I am always amazed at the cost of things these days. My wife says its because I'm living in the past ;o)
Just for fun I looked up the inflation rates back during the Model T era. This is what I found:
A 1913 dollar would buy about $24 worth of goods today
A 1927 dollar would buy about $14 worth of goods today.
Taking 20 X as a rough average I wonder how much some of those "cheap" T parts from back in the day would cost today ?
For reference my 15 touring cost somewhere around $490 in 1915. The inflation rate for 1915 was about X23 making todays price about $11,270. Still sounds cheap to me !!!
(Message edited by schuh on November 21, 2015)
Here are three items followed by their prices in August 1928 and today.
left side outer Timken bearing......65¢.....$75.00
These parts have inflated a lot more than other products because the market for them today is much smaller. Everybody bought food in 1928, and everybody buys food now. Very few people buy Model T parts now.
I get sticker shock too, but it's selective. I may buy a bag of M&M's, but I won't buy a candy bar. There's just something about paying a dollar or two for something I used to get for a nickel.
U-joint at swap meet, like new, if not new $10, maybe $20, lower prices found in boxes of "junk"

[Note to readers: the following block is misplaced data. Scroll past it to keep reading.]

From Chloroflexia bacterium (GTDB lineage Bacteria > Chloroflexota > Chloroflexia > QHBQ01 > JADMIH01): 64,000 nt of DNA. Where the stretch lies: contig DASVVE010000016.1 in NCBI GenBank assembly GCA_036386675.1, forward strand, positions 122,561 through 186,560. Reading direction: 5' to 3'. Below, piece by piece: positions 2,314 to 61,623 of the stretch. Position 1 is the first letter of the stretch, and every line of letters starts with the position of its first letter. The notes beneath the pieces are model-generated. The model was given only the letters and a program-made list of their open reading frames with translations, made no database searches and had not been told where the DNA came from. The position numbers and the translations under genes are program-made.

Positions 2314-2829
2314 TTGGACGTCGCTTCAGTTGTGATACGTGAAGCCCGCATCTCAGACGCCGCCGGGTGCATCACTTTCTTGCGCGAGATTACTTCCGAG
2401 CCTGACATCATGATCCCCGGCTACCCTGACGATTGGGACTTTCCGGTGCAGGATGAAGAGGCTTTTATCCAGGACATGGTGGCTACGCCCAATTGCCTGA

PS, I buy them when I find them, you never know when you're going to need one.
OTOH, Scat cranks vs. Ford. Oh well, win some, lose some! (But the Scat crank is better made than the original Ford one, so maybe apples & oranges)
In my younger days, $.25 would get me into the movie theater Saturday afternoon for 4 hours or so of cartoons and westerns plus a candy bar.
I was happy to mow lawns in my neighborhood for $.25 an hour. Felt extremely wealthy when one customer paid me $.50 an hour.
These days, I cannot find teenagers to work for anything less than $25.00 per hour....if they will WORK at all.
Well by golly when I was a not even a teenager I worked for a Farmer in the area of Mansfield Missouri for 50 cents and that included a noon lunch. This was in 1946,47, 48. I worked the threshing harvest sacking grain and then I graduated to pitching to the thresher, and again that included a big lunch. Just think 50 6cents and I had to walk to work and walk home when the day was done. The same farmer had me bucking bailed hay and loading it on the trailer and would haul it to the barn where there was help to unload and store it in the barn.
THOSE were the good ole' days.
Model T parts and tools are nearly as good as gold bars in terms of maintaining their value.
Here are prices from the 1959 - 1962 catalog when Dad was in the T parts business. New old stock Hyatt roller bearings were worth $4.50 then.
Again ... for reference, the inflation rate for 1962 is about 8X. So multiply everything in Royce's list by 8 and you get what those parts should cost today.
I'm not sure what many of the current prices are but I did check on a NOS spider and it's about $50. With normal inflation it would be $18.
So either Royce's dad was selling at very good prices or the "rareness factor" plays a big part.